Green eats


Vegans face many difficulties, especially somewhere like Regina where meat seems to make up 3 of the 4 food groups

It’s not easy eating green.

Veganism is increasingly becoming a popular lifestyle choice, and the benefits of an animal-free diet are numerous. Whether because of an aversion to eating animals, opposition to the animal cruelty all too often involved in the meat industry, the meat industry itself, or simply to just live a healthier lifestyle, many people are choosing to remove meat from their food pyramid.

Even in the face of all these benefits, many people who consider becoming vegan – the following points are mostly applicable to vegetarianism too – do not take up the lifestyle for various reasons, either because they don’t want to change, they’re afraid of the social stigma the lifestyle confers, they feel overwhelmed by the amount of products used in daily life that aren’t animal friendly, or most commonly just do not know how to proceed.

The last problem is especially acute in Regina. A quick Google search of ‘veganism in Regina’ brings up scarce results, which is discouraging at best. Furthermore, it’s not very helpful that the “Vegans of Regina” Facebook group is a closed group, and to see the contents one needs to be a member.

Although this may not seem like a huge deal, again, the point of social stigma is raised, if someone in Regina is pondering veganism, the group would be better if it was open so that potential vegans could get advice from successful vegans in this city. Leaving the group closed leaves interested people isolated from potentially valuable information for surviving in this city as a vegan. Yet, Facebook groups from some other Canadian cities also close their group to the public, while some of the groups of bigger cities leave their group open for viewing by everyone, even though it would already be easier to be vegan in cities like Toronto.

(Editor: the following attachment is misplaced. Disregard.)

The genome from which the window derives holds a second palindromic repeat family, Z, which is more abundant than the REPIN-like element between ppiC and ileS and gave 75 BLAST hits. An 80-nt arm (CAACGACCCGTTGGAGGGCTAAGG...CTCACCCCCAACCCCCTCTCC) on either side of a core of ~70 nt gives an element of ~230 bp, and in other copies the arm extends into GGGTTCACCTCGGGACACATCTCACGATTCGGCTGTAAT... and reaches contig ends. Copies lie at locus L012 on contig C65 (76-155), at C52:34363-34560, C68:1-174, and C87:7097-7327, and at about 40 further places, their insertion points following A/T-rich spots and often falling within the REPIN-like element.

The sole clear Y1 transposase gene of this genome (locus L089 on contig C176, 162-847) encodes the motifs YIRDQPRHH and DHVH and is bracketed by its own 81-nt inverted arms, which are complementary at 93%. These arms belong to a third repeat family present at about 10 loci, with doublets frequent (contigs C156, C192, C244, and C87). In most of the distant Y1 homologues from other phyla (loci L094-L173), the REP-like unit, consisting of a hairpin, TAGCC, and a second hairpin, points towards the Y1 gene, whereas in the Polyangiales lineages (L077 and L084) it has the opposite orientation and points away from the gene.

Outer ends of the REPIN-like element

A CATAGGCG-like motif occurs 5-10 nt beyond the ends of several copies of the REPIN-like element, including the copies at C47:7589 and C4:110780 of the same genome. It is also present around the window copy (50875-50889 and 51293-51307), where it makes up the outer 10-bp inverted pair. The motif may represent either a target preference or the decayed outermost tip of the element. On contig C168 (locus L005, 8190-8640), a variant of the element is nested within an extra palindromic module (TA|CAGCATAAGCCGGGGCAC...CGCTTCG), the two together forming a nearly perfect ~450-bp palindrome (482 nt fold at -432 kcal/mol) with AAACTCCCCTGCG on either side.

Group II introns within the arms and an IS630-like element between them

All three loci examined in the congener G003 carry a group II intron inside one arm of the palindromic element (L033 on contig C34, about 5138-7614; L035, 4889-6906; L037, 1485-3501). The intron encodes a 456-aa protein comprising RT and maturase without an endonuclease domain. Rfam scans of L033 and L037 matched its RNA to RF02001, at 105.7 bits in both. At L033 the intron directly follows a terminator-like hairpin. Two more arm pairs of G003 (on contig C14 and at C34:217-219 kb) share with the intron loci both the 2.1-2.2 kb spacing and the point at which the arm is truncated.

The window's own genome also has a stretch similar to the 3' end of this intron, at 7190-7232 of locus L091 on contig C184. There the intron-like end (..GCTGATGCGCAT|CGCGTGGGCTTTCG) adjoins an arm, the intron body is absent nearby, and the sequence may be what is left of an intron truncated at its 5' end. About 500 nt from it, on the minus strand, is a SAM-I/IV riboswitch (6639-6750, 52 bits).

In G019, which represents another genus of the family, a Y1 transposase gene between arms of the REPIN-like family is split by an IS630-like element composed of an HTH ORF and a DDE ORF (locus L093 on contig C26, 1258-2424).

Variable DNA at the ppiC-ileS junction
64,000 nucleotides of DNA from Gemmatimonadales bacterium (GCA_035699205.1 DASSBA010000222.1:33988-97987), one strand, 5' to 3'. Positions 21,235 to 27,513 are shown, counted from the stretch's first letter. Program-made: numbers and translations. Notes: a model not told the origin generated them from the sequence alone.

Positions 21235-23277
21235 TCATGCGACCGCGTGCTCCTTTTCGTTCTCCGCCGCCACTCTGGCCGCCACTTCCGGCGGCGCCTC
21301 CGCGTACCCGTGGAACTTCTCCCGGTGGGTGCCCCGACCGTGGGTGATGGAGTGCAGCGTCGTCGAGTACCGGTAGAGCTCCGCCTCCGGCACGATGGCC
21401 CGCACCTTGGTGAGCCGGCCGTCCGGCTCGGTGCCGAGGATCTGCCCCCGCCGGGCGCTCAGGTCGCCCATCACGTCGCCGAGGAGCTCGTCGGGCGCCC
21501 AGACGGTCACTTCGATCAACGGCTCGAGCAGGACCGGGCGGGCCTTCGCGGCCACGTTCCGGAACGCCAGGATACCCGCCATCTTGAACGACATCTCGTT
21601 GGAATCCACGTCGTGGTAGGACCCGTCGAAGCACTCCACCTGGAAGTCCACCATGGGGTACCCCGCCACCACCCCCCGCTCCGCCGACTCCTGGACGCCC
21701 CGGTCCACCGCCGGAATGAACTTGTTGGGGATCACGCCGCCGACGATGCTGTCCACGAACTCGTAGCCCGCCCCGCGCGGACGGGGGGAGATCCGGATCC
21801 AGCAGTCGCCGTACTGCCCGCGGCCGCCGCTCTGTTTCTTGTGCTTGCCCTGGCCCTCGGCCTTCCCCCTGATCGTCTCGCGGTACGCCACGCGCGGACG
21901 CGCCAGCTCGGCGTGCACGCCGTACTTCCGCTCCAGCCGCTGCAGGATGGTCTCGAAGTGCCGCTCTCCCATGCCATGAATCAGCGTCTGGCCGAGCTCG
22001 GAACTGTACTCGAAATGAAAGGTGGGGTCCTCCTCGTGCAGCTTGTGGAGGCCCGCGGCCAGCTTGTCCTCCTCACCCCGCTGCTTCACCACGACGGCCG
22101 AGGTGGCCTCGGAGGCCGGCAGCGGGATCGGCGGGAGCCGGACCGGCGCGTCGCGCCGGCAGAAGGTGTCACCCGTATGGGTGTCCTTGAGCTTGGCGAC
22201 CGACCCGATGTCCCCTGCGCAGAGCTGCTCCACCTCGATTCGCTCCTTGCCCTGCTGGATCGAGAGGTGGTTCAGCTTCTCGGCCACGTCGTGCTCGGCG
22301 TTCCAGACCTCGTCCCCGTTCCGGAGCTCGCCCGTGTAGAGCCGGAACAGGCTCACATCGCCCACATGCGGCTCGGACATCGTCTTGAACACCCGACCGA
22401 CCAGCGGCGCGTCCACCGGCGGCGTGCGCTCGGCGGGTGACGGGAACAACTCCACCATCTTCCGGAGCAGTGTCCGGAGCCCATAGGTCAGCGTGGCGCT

So, if you’re living in Regina, it would make the most sense to slowly cut the animal products out of your diet, not everything at once. That doesn’t seem to be a good idea for anybody anywhere, especially in Regina. It simply makes more sense to slowly cut certain foods out of your diet and replace them with vegan options as you find them.

Also, it is very important to research the lifestyle first, again, especially in Regina. Although researching veganism may be a tad disheartening, once you realize how many products are not vegan, which include the glue used in some musical instruments, plywood, the tires on your car, pig’s blood in cigarettes, the heavy polluting trucks used to transport vegan products, Guinness (when I found this out I forever ruled out being vegan) and not to mention the animals and insects that are harmed in harvesting crops.

These facts aren’t meant to deter people from the lifestyle, because veganism shouldn’t be seen as a total overhaul, but rather a matter of degree. Some things would be harder to leave behind then just the diet, for example tires on cars would be an extremely hard life style change, and most vegans continue to use tires that have animal products in them.

Just like any other lifestyle change, veganism and vegetarianism would not be easy, especially in Regina, but there are numerous benefits that outweigh the hardships for many vegans worldwide.

Michael Chmielewski

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